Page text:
Once in freshwater, the leptocephali are going to live the majority of their lives there.  For nearly a year, the leptocephali will float across the ocean. They will have changed once again as they reach their final destination.

Glass Eel Stage

glass eels on the river bed

Glass eels stay close to the riverbed.

The eels are now at the “glass eel” stage. This is where they travel to the rivers they’ll call home. Glass eels can grow to a length of around two to three inches and resemble fully mature eels in appearance. Their fins have also grown in, giving them the long, lean appearance of a mature eel.

They are looking for freshwater to settle in as glass eels. These eels are extremely eager to locate a freshwater location to establish their home, much like during mating. They frequently move from ponds or lakes until they come to a river. They accomplish this by moving across the land like a snake.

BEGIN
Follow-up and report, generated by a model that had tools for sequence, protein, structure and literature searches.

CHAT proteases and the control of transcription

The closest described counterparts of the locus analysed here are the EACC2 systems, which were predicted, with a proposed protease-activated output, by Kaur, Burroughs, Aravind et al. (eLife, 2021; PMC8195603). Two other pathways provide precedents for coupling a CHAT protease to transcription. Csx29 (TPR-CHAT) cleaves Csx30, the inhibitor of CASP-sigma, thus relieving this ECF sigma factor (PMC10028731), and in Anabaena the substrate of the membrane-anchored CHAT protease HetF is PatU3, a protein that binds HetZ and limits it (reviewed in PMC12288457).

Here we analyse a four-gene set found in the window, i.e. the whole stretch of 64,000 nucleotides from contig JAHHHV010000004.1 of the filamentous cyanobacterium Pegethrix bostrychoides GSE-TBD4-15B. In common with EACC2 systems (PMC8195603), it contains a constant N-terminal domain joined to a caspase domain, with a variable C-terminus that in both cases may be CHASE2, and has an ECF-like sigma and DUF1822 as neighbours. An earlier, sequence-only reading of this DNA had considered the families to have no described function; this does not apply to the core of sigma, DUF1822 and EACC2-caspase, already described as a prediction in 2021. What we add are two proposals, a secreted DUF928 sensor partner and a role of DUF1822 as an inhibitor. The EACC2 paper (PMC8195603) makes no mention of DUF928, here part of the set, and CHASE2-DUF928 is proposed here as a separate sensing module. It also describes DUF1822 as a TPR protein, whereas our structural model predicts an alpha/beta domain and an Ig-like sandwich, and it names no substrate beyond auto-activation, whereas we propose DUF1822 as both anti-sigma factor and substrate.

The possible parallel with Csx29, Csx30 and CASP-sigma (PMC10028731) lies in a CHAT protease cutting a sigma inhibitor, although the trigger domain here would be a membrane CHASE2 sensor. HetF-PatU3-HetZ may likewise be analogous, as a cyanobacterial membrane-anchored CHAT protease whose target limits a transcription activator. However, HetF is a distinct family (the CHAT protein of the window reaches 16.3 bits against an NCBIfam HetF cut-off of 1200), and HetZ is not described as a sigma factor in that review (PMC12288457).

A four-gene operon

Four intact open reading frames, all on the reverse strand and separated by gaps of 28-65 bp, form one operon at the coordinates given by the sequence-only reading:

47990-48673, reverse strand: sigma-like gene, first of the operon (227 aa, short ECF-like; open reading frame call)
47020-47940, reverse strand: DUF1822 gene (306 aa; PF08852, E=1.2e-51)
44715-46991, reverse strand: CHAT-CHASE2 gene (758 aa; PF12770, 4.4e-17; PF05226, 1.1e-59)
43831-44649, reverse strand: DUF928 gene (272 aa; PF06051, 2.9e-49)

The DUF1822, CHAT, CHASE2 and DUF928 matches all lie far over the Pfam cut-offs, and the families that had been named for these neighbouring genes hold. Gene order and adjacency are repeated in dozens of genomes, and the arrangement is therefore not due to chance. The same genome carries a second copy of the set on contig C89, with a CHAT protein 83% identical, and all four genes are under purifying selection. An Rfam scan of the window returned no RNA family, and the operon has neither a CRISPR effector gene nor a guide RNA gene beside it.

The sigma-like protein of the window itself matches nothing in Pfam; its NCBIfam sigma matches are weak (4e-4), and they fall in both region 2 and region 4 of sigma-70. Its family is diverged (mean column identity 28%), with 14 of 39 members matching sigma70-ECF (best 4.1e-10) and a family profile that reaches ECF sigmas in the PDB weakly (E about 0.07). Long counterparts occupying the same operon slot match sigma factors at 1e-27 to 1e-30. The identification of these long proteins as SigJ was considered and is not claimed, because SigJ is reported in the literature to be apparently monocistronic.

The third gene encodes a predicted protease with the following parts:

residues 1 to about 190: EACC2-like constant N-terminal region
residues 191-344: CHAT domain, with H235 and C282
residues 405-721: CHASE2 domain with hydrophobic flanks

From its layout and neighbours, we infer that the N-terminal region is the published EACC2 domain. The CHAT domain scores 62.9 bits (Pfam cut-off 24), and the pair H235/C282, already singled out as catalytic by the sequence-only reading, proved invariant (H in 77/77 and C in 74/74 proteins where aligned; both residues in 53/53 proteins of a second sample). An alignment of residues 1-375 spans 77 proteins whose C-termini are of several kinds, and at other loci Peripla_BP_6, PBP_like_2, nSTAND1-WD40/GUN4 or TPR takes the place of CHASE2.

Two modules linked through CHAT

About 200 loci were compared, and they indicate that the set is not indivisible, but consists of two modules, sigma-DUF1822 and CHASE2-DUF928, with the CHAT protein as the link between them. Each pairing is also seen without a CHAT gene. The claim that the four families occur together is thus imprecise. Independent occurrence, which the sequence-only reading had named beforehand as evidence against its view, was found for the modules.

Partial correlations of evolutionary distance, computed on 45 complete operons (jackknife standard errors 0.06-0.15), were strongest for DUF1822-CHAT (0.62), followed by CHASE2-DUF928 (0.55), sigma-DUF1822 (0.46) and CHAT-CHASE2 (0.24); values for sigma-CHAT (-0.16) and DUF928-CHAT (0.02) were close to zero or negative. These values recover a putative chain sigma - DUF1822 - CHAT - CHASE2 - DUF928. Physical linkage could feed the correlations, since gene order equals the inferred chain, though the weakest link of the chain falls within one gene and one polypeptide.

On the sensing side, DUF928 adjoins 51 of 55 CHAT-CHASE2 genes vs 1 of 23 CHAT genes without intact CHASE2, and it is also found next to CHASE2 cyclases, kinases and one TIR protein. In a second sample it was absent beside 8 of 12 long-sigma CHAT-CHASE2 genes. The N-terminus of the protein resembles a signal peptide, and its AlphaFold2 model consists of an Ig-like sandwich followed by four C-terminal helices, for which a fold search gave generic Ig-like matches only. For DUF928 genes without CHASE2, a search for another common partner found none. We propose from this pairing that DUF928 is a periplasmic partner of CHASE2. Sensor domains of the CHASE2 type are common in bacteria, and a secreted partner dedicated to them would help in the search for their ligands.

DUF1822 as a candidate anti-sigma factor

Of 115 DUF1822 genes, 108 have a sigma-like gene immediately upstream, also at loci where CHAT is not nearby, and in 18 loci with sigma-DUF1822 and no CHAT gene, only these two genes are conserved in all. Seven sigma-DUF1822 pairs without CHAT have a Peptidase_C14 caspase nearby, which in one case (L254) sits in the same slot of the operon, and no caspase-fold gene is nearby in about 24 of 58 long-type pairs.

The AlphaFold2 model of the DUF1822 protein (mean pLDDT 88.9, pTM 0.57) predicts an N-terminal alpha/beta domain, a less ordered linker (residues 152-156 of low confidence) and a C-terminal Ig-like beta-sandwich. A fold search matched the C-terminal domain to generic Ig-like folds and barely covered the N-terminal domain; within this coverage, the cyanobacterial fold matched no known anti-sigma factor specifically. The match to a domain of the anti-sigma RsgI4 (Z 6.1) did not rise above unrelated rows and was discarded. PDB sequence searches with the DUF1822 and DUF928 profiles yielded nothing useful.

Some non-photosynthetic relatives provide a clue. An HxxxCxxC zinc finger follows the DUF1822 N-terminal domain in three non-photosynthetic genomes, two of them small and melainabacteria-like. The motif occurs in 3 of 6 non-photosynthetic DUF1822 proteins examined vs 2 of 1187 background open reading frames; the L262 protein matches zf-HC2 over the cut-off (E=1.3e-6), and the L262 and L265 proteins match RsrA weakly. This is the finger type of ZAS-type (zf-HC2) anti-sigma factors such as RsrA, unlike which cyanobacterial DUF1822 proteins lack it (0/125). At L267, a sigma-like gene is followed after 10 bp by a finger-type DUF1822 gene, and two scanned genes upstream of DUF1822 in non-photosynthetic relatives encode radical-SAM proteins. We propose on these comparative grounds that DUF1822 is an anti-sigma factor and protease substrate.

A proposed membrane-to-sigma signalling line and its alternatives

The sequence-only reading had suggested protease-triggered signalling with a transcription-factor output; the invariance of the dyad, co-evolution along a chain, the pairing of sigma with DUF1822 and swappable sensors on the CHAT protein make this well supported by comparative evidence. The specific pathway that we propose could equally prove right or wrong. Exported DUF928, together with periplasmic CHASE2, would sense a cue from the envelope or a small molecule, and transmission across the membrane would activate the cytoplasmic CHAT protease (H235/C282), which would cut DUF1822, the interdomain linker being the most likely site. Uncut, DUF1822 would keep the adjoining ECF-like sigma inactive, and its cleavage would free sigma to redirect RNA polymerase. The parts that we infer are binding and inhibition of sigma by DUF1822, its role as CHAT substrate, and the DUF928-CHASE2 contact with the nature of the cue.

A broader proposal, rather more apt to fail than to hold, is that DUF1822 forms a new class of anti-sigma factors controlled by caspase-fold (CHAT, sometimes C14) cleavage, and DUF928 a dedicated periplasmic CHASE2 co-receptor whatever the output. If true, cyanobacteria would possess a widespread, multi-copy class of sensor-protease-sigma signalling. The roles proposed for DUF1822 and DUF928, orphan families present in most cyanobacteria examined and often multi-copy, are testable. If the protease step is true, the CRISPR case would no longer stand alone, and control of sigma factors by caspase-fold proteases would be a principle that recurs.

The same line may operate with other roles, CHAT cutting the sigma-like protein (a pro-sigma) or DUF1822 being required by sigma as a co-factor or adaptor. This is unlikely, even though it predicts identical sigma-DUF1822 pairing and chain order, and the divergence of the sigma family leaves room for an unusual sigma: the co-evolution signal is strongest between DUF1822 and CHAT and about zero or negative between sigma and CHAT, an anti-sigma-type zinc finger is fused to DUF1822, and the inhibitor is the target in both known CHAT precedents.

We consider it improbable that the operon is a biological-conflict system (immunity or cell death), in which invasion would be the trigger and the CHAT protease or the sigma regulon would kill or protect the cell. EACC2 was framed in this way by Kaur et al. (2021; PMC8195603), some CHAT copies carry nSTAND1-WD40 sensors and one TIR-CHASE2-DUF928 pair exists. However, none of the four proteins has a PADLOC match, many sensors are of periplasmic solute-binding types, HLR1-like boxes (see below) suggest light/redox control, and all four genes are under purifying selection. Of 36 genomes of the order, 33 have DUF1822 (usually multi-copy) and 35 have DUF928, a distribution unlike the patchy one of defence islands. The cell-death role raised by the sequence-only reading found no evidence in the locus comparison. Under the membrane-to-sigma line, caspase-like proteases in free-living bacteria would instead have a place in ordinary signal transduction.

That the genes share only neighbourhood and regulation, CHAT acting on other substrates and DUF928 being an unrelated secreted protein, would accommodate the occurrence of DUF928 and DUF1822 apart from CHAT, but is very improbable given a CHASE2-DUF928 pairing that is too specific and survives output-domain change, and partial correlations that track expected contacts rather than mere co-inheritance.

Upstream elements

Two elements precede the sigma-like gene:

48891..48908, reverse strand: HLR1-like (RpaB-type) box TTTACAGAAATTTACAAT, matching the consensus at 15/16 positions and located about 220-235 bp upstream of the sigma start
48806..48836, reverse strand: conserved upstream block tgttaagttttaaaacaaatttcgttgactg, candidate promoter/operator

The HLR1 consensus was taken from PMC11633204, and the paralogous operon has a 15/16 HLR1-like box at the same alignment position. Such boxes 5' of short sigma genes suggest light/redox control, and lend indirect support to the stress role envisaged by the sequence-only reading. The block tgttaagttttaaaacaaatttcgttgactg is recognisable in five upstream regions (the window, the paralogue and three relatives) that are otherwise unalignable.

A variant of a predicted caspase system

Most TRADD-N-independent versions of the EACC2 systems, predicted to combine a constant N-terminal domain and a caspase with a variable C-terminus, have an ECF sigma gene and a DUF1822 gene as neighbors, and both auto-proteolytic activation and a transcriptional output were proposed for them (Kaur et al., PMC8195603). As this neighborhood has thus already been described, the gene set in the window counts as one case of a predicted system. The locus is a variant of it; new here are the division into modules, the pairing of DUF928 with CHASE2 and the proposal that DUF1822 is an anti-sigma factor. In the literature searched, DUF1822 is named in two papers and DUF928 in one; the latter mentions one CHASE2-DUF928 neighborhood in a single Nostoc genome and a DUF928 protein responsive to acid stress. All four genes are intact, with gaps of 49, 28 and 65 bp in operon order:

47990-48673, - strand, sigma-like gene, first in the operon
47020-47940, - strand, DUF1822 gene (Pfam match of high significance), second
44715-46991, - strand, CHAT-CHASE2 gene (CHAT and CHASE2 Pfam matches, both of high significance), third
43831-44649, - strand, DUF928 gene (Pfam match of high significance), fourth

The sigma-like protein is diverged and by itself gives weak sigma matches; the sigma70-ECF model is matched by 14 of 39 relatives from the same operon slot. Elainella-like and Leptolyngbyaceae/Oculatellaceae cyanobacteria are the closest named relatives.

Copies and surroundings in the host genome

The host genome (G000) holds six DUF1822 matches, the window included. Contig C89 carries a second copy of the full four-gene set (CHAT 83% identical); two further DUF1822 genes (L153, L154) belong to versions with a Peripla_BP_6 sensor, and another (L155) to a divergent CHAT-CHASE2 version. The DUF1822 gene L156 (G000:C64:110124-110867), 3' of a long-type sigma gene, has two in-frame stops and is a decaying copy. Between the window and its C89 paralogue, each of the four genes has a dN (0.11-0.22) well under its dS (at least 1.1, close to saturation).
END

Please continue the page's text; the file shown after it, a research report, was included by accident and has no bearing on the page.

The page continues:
Elver and Yellow Eel Stage

These eels turn black as they continue up the river. At this point, they are at the “elver” stage and are a little over four inches long. Elvers are essentially baby eels that are related to the adult eel. They are currently moving farther up streams and rivers in their migration.

The eels will eventually evolve into immature yellow eels as they get older. It’s noteworthy that freshwater eels will spend the majority of their lives in this stage. Eels have been in this stage for approximately 20 years and are still regarded as juveniles.

Eels that dwell in mostly freshwater environments live longer and get bigger, according to research. Eels mature significantly more quickly in salty environments close to the ocean.

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About the Author

Kirstin is a writer at A-Z Animals primarily covering animals, news topics, fun places, and helpful tips. Kirstin has been writing on a variety of topics for over five years. She has her real estate license, along with an associates degree in another field. A resident of Minnesota, Kirstin treats her two cats (Spook and Finlay) like the children they are. She never misses an opportunity to explore a thrift store with a coffee in hand, especially if it’s a cold autumn day!